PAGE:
Blue Origin, Jeff Bezos' space company, has scored another successful spaceflight.
Blue Origin used the same rocket for the sixth time Wednesday in West Texas. The suborbital flight exposed the capsule and its contents " including NASA experiments, artwork and a commercial grapevine study " to more than three minutes of weightlessness.
The capsule reached a peak altitude of 104 kilometres, just above the official threshold for space. The New Shepard rocket landed vertically seven minutes after liftoff, followed by the capsule, which parachuted down to end the 10-minute flight.
"Welcome back, New Shepard. A beautiful launch to space and back," said launch commentator Ariane Cornell, director of the astronaut and orbital sales. "We can't wait to do it again."
Cornell said the company plans another couple of spaceflights before putting people on board. The craft has the biggest windows ever built into a spacecraft.
Earlier this year, Blue Origin said it aimed to fly passengers by the end of 2019. This was the company's 12th test flight and the third this year.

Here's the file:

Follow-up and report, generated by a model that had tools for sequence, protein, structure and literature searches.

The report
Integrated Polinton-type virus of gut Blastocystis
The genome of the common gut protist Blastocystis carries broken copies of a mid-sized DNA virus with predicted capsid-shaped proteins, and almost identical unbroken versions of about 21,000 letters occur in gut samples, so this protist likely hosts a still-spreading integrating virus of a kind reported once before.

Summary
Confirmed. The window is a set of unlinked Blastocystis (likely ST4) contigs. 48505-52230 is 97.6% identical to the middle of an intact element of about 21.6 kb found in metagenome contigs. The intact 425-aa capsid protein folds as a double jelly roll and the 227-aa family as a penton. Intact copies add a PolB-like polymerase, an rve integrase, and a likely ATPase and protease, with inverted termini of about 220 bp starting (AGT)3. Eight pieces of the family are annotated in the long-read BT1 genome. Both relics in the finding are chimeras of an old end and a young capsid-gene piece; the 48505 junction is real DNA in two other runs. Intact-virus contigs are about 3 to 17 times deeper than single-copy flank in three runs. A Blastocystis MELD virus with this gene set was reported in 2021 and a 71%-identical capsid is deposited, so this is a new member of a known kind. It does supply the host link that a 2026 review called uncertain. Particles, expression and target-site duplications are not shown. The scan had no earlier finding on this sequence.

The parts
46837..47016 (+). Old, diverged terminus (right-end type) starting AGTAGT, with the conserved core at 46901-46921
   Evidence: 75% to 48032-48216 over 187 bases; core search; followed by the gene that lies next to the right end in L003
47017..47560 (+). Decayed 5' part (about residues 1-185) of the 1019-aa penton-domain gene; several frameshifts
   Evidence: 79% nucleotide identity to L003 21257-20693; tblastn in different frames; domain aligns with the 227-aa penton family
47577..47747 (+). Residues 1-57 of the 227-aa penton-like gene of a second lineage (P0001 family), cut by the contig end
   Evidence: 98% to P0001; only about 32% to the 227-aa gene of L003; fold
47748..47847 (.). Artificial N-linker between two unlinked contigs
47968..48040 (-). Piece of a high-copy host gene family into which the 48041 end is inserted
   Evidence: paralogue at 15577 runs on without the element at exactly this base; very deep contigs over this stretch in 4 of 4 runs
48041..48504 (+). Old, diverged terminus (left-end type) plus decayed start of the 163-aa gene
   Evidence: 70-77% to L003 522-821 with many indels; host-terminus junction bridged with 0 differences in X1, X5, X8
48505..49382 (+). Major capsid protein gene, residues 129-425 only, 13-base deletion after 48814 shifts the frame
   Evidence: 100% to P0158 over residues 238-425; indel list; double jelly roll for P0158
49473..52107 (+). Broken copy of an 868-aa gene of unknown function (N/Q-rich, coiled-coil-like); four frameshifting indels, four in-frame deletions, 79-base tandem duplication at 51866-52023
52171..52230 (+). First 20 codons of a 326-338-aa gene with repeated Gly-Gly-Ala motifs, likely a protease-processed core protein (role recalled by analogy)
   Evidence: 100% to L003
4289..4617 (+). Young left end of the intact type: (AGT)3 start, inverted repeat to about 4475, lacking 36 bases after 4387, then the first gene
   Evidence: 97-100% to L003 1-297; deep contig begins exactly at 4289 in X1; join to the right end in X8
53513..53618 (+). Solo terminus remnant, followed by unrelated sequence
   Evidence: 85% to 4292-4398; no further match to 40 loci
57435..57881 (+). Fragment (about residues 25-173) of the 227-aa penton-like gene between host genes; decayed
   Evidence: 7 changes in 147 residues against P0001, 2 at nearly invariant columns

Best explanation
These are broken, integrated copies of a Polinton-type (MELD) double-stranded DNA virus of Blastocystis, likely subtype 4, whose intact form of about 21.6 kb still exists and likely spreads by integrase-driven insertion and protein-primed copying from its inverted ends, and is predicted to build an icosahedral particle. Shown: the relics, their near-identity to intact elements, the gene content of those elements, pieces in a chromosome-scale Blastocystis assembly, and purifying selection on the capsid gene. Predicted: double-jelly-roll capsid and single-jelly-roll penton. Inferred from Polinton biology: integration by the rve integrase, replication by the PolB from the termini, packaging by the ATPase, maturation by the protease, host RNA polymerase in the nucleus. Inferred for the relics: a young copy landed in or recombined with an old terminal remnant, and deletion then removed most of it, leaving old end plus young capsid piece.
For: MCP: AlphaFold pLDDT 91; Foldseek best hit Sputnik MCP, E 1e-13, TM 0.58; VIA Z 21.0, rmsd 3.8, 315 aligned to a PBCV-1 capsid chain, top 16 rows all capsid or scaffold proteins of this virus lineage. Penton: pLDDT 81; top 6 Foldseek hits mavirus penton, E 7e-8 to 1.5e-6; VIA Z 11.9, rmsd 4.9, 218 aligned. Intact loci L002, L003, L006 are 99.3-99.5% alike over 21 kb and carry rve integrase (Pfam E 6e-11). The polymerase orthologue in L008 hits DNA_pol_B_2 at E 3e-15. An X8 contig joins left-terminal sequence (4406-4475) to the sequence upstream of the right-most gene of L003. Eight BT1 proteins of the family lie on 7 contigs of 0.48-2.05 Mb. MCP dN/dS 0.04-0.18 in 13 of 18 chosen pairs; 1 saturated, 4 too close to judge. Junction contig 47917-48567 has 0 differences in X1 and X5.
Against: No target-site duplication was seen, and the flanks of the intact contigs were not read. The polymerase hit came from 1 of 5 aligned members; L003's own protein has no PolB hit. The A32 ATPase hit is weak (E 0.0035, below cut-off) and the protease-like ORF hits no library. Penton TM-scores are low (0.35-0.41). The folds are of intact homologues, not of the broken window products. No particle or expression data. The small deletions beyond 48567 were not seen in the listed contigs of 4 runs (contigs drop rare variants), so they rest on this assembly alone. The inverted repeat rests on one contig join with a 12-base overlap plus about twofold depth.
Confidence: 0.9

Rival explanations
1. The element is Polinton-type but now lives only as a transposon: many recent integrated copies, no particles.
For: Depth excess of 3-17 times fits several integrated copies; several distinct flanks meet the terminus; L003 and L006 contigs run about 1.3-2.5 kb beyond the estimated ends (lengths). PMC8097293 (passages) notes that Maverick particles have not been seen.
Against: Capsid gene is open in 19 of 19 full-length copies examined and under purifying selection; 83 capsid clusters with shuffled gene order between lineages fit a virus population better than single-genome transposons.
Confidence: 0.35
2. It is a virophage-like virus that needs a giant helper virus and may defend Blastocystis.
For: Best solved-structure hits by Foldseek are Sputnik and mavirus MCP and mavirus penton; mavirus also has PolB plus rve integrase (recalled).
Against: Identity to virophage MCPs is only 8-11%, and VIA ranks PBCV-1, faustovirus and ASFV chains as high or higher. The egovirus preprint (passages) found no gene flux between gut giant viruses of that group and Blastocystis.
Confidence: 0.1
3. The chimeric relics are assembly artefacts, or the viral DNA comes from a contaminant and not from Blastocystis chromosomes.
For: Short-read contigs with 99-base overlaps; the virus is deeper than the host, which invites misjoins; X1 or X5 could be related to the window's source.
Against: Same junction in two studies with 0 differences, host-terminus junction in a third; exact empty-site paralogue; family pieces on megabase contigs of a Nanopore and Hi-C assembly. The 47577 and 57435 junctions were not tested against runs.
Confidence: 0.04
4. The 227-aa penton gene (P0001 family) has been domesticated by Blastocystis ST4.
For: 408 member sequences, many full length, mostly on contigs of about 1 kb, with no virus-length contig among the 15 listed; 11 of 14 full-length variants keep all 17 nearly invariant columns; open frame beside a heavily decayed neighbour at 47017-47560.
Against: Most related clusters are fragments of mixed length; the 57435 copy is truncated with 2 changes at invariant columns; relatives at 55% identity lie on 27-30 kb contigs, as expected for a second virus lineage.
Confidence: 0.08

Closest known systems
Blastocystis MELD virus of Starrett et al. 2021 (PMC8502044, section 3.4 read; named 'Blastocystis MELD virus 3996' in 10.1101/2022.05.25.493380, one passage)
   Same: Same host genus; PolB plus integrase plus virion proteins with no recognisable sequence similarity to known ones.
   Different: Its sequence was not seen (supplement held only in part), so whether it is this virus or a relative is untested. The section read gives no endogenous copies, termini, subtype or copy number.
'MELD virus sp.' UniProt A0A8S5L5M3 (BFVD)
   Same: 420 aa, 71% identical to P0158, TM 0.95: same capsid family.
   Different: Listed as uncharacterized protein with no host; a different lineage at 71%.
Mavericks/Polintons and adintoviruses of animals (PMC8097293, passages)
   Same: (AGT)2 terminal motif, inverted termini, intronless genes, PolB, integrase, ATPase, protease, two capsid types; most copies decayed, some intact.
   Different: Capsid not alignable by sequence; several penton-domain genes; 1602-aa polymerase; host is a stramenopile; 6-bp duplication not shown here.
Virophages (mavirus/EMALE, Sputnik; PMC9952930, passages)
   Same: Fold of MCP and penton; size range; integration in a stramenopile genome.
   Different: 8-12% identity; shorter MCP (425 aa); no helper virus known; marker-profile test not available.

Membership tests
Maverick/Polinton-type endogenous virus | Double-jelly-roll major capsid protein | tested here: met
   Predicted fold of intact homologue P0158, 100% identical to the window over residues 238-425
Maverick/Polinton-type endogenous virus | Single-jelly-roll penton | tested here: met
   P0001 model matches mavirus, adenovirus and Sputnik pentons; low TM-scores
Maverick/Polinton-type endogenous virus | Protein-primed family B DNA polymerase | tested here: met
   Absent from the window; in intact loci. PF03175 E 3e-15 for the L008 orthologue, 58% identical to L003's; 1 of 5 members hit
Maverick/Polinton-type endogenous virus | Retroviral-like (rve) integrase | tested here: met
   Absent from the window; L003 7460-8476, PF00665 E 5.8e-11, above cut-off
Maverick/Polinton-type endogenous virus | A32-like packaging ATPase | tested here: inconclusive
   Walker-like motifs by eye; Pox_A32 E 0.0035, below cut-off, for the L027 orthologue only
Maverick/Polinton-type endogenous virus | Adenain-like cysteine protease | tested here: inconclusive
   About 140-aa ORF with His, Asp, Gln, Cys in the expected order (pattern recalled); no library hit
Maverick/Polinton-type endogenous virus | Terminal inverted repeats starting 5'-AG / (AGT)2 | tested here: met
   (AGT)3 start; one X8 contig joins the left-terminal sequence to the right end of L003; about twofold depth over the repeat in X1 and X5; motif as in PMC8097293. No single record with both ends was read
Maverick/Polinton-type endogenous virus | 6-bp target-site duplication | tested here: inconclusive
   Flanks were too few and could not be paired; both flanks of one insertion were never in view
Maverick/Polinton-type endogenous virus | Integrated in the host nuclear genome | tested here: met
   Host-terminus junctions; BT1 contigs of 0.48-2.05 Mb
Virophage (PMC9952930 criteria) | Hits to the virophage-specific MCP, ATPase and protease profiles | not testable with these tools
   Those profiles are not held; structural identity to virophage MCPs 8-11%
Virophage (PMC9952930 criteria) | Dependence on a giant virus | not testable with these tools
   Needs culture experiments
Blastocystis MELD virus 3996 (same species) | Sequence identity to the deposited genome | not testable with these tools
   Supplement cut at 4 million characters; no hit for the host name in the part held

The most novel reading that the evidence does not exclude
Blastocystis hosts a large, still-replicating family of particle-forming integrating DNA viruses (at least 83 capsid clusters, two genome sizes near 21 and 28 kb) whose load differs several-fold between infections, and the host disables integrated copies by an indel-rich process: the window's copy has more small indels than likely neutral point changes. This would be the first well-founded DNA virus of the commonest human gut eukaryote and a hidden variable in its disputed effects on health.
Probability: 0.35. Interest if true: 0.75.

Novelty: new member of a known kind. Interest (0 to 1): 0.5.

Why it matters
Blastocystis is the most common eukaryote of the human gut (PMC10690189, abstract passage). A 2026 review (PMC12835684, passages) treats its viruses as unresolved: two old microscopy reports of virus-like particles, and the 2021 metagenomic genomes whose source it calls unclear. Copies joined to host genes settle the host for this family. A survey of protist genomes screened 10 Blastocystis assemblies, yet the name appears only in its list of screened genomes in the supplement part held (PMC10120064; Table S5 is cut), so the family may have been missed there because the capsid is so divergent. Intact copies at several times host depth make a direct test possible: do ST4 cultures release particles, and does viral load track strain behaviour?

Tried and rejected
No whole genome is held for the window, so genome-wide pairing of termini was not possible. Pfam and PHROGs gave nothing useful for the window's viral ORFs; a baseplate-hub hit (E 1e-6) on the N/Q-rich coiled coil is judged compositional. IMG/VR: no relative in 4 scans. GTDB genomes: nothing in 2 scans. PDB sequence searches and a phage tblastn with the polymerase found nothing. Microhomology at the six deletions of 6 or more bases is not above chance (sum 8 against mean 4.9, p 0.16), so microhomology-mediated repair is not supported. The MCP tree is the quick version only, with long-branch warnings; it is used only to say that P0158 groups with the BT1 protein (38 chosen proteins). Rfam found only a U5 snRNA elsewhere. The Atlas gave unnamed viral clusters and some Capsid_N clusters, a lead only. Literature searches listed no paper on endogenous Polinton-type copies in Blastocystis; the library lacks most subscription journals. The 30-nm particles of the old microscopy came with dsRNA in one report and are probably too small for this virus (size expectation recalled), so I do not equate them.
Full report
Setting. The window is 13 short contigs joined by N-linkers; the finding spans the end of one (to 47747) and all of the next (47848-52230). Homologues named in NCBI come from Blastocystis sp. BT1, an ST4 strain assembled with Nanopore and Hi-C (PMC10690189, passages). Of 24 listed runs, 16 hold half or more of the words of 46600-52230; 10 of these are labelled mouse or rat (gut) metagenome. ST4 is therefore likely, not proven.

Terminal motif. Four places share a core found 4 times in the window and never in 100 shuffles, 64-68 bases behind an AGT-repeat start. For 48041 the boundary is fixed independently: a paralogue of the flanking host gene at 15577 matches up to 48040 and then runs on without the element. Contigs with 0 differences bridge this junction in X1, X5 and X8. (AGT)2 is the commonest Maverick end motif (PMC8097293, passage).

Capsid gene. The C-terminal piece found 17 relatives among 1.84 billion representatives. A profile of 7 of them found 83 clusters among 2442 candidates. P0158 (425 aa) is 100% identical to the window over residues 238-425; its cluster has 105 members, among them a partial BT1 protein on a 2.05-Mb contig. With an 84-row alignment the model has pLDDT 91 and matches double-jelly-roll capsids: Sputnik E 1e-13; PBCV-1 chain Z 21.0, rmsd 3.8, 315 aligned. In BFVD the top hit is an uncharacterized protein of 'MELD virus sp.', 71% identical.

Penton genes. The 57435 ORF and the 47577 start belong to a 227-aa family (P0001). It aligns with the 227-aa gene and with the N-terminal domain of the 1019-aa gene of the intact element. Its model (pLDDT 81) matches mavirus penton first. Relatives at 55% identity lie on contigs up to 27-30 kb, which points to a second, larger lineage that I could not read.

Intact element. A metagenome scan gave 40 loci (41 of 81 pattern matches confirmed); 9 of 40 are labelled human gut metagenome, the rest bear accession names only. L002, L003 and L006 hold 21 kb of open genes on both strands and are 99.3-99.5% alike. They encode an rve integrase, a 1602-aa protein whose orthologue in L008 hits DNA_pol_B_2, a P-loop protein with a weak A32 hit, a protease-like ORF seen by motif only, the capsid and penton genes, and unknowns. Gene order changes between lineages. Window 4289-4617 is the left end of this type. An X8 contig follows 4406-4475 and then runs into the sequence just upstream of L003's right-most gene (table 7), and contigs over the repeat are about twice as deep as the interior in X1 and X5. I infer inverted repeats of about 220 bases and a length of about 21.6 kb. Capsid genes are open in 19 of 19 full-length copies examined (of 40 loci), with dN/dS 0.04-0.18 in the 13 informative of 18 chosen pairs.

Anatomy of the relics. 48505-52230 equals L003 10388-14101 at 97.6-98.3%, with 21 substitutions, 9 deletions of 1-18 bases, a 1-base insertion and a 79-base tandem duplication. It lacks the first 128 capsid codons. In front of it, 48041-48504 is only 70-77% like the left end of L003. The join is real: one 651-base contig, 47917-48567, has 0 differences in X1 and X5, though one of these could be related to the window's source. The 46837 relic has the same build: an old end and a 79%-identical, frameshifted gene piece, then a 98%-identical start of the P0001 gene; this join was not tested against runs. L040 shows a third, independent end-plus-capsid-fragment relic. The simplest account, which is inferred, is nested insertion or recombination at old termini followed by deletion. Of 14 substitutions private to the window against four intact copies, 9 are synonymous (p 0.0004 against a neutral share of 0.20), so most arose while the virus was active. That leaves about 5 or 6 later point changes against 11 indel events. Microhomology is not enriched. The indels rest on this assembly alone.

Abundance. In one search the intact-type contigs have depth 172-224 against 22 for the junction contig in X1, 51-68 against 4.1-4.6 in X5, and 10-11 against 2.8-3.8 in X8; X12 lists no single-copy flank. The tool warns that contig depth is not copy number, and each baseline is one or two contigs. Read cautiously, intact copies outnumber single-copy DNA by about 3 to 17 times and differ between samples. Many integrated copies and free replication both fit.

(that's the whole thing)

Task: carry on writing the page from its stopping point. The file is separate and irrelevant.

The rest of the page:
"We are going to take our time, step by step, and as we've said before, this is not a race. We need to understand the entire system," Cornell said.
NASA had trash-recycling and plant experiments on board. Space Cargo Unlimited, a Luxembourg start-up that flew 12 bottles of red Bordeaux wine to the International Space Station last month for a year of ageing, had vine calluses, or cells, from three types of French Cabernet grapes on board, each in its own petri dish.
The flight also included stacks of postcards from youngsters who drew their vision of the future of space. The postcards will be returned to their creators with a flown-in-space postmark.
New Shepard is named after Mercury astronaut Alan Shepard, the first American in space. The company is working in Cape Canaveral on a larger orbital-class rocket, named New Glenn after the first American to orbit the world, John Glenn.
Bezos is the founder of Amazon.